Latest Tectonic uplift Stories
Iceland is literally rising up out of the water, and in some places it's as much as 1.4 inches a year.
Human settlements have popped up in some of the most remote locations on Earth, and a new study in the journal Science has revealed that about 3,600 years ago, an agricultural society subsisted on the Tibetan Plateau, the so-called 'roof of the world'.
The growth of high topography on the Tibetan Plateau in Sichuan, China, began much earlier than previously thought, according to an international team of geologists who looked at mountain ranges along the eastern edge of the plateau.
Mountain belts on Earth are most commonly formed by collision of one or more tectonic plates.
From the highest peak in the continental United States, Mt. Whitney at 14,000 feet in elevation, to the 10,000-foot-peaks near Lake Tahoe, scientific evidence from the University of Nevada, Reno shows the entire Sierra Nevada mountain range is rising at the relatively fast rate of 1 to 2 millimeters every year.
Drought events are largely unknown in Earth's history, because reconstruction of ancient hydrological conditions remains difficult due to lack of proxy.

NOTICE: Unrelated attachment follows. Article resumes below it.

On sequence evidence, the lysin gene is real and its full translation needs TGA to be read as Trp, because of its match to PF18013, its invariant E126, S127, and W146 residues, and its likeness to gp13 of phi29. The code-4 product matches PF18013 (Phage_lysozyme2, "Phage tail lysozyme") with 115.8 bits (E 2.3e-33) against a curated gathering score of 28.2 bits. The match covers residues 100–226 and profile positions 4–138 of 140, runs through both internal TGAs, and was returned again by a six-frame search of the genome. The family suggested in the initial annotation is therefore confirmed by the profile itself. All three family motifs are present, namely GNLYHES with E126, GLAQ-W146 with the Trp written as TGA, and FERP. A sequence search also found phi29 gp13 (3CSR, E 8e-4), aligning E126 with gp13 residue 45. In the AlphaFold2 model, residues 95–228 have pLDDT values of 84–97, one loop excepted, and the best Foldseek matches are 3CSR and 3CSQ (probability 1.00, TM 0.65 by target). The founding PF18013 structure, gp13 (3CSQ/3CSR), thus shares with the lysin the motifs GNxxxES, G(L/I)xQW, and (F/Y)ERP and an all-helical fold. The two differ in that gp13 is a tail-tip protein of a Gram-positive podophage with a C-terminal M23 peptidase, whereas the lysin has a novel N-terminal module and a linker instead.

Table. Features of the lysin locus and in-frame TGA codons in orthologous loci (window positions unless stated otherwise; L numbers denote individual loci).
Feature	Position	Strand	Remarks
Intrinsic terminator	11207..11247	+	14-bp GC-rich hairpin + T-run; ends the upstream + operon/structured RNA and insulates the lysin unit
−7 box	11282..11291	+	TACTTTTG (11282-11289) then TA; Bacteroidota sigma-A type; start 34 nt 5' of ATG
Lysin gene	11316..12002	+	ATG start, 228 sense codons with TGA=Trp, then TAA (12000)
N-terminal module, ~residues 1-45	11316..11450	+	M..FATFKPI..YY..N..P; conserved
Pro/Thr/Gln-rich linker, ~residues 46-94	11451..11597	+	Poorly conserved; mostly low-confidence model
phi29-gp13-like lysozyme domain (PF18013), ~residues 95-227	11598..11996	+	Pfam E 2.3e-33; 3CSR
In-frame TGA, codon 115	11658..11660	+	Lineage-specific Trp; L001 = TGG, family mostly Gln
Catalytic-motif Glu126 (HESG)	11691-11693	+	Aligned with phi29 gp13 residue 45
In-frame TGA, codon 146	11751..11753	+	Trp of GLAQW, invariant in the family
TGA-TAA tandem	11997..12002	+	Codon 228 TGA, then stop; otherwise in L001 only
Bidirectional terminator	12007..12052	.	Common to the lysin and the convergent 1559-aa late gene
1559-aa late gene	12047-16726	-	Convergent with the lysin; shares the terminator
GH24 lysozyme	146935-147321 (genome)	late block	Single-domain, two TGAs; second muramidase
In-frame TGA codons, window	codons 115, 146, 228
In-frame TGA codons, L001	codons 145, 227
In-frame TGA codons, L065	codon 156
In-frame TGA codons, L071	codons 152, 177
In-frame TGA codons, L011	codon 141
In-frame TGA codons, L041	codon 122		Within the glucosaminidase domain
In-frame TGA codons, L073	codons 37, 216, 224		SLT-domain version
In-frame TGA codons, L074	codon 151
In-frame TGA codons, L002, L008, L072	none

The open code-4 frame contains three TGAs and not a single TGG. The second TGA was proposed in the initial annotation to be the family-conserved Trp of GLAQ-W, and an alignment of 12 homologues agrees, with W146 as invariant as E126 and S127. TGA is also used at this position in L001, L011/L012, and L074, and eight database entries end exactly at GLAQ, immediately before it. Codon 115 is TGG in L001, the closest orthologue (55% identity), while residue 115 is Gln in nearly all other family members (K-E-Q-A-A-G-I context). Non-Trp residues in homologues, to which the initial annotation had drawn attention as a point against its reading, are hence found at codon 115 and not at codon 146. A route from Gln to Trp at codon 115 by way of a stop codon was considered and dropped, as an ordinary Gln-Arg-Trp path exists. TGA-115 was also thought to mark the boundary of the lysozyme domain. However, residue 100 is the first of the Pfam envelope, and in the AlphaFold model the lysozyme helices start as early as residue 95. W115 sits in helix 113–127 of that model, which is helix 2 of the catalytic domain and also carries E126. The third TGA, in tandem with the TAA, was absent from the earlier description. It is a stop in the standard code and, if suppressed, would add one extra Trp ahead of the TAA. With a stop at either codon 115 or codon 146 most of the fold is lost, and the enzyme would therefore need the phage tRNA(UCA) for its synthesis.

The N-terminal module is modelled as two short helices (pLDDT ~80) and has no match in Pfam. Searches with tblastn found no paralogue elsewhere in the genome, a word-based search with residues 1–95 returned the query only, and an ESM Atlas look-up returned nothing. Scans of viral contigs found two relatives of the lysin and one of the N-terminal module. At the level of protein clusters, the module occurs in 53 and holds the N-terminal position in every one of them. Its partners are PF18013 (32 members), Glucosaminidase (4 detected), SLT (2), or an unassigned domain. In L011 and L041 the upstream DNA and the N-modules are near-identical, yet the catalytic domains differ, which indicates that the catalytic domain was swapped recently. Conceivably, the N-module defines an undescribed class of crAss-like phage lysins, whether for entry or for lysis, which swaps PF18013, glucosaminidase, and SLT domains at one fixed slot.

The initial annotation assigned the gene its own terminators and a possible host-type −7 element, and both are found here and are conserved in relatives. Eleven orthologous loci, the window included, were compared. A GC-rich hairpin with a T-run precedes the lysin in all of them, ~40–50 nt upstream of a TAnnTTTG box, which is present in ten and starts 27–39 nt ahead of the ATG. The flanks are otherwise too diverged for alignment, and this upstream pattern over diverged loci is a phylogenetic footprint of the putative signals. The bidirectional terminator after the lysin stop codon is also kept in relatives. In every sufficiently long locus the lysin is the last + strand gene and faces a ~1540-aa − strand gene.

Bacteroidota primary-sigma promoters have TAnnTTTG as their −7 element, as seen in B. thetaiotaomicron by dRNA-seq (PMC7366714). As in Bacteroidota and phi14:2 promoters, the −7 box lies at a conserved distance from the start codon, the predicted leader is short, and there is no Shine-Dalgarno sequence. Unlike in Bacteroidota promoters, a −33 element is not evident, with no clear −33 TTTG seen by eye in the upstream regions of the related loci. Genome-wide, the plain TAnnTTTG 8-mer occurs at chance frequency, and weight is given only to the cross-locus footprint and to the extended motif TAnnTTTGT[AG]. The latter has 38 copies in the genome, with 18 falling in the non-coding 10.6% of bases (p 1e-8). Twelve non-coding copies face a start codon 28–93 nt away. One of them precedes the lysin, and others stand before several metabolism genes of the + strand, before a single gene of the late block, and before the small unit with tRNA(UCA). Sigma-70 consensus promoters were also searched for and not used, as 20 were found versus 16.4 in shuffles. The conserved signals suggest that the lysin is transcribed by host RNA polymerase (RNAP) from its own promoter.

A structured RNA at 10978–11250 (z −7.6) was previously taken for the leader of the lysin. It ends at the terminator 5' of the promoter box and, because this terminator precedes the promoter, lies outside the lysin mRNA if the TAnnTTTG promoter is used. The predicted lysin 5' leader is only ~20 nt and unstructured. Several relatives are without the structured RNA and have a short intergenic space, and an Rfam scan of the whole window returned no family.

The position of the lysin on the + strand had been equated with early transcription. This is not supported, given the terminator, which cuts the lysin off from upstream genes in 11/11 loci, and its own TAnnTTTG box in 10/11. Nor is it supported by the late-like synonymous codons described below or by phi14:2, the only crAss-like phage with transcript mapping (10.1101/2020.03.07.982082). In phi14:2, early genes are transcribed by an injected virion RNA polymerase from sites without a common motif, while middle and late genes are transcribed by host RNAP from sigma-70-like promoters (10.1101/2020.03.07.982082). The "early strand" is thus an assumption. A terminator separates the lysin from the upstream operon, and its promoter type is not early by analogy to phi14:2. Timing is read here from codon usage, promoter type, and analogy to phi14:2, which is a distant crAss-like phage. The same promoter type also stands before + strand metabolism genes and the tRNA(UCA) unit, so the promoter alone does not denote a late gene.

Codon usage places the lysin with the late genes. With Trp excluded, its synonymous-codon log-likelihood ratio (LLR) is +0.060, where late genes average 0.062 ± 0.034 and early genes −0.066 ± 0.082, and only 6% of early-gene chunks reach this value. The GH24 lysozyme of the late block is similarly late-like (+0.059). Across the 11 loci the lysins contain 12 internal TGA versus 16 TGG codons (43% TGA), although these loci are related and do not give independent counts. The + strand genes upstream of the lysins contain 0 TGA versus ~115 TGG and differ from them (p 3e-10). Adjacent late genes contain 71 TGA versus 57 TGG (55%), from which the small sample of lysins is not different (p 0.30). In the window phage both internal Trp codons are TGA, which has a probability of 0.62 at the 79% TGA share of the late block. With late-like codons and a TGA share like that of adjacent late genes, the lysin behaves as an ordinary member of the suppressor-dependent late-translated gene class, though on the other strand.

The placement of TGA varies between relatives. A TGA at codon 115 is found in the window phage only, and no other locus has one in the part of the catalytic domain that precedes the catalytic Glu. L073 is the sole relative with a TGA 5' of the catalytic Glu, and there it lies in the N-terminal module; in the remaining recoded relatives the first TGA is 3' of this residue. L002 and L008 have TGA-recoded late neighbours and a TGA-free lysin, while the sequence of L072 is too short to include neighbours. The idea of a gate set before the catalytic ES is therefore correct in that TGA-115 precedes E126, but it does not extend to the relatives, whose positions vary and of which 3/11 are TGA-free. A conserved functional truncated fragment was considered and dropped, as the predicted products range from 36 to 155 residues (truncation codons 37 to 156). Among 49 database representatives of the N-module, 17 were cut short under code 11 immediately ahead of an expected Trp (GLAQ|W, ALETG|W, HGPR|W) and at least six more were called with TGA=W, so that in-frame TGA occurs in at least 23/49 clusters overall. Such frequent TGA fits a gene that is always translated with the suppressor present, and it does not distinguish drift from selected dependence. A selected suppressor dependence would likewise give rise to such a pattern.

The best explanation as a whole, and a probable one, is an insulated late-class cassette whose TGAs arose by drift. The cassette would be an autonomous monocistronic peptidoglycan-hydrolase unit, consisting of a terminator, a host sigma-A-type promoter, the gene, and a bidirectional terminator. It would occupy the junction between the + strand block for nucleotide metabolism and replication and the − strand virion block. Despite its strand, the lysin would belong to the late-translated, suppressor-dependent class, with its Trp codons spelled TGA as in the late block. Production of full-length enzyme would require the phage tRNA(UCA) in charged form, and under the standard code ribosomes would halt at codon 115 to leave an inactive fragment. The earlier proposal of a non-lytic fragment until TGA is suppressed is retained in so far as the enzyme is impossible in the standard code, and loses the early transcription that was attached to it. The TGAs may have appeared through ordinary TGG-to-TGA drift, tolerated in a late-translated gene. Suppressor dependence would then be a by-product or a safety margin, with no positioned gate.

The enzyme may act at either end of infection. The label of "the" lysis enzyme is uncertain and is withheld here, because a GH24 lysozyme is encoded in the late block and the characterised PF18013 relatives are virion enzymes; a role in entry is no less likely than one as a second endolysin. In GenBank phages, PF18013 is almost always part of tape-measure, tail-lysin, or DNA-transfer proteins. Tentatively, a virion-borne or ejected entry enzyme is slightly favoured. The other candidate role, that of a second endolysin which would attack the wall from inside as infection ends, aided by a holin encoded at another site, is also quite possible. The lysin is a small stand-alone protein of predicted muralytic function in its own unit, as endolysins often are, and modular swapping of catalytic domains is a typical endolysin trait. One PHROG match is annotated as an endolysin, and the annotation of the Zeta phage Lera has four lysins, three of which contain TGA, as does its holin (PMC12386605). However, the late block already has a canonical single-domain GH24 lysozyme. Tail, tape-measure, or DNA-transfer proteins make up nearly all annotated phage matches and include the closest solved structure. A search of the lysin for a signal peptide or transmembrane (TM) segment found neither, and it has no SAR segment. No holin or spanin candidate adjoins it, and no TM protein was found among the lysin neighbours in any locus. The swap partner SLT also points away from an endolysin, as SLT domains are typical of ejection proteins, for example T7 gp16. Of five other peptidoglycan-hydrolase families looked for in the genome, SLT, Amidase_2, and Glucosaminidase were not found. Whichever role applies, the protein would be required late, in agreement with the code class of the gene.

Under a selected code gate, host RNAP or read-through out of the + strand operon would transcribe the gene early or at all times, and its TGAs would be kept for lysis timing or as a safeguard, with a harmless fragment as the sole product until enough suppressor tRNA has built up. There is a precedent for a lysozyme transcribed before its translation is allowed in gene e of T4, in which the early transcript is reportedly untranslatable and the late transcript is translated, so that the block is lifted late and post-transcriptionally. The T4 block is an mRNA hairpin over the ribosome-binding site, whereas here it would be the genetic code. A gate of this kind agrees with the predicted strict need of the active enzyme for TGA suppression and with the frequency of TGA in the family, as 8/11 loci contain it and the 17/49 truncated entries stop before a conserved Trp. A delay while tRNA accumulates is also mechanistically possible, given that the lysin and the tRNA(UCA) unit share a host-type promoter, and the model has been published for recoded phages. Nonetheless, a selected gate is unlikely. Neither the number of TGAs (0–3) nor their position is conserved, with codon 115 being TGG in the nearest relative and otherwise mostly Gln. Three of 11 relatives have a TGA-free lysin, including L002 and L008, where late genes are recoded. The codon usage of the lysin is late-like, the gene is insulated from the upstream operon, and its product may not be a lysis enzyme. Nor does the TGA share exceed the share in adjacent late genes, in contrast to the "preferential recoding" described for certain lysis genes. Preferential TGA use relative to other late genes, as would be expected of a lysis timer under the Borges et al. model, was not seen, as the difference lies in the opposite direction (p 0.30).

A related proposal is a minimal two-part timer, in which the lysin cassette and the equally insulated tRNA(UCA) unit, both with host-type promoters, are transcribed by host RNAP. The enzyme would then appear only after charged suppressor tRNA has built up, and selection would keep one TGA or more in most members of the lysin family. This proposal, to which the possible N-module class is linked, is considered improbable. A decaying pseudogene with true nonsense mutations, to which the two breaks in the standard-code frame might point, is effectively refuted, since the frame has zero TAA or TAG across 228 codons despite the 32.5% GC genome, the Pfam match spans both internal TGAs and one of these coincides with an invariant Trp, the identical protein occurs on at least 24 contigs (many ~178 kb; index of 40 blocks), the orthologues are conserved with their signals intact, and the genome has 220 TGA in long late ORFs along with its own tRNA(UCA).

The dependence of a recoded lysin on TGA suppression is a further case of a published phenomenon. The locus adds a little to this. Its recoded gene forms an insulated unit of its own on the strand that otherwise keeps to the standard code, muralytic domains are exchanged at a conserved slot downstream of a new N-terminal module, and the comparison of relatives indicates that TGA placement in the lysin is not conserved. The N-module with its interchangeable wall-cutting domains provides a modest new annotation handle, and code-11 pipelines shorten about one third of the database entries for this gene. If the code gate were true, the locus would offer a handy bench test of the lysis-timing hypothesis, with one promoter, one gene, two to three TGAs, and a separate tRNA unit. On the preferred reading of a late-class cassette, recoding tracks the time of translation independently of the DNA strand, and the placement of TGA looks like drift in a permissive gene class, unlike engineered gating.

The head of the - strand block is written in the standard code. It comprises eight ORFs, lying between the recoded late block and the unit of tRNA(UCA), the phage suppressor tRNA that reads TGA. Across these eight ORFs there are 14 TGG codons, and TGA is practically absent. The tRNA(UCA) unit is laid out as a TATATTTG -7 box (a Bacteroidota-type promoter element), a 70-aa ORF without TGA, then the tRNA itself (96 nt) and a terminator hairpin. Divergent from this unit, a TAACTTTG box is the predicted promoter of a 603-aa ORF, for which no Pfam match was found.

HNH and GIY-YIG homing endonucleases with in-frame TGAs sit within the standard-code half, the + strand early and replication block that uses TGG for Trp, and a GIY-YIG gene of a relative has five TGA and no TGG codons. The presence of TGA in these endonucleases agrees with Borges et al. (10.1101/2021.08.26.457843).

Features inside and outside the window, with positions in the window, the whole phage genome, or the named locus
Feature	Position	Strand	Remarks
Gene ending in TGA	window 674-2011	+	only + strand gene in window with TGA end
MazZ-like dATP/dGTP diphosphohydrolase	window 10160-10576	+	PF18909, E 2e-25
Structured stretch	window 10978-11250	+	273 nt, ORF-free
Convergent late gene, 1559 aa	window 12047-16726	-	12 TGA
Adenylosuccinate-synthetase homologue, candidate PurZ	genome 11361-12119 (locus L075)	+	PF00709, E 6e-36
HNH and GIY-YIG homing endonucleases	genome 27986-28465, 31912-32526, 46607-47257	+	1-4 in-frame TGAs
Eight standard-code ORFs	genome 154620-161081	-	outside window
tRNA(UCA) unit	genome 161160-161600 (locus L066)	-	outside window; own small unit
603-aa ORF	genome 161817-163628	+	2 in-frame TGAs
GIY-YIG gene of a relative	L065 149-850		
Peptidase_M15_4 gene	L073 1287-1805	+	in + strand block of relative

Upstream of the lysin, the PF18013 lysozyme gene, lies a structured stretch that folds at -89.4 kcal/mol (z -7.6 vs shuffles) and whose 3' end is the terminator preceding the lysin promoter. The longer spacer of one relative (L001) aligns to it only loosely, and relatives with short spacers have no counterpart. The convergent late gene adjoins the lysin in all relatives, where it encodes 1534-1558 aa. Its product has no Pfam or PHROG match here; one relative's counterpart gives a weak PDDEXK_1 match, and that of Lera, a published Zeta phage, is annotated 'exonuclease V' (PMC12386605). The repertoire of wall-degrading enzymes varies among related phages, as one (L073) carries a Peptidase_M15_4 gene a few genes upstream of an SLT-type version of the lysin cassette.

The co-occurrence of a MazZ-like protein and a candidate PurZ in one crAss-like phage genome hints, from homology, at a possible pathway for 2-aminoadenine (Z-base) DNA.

A higher-than-normal 2010 melting season sped up the melting of ice in southern Greenland, causing sizable portions of the island's bedrock to rise somewhere about a quarter of an inch more than usual.
In one of his songs Bob Dylan asks "How many years can a mountain exist before it is washed to the sea?", and thus poses an intriguing geological question for which an accurate answer is not easily provided.
50 million years ago, mountains began popping up in southern British Columbia and swept down Northern America over the next 22 million years, according to Stanford geochemists.
Sea level has not been as high as the distinctive ridges that run down the length of Florida for millions of years.
- Growing in low tufty patches.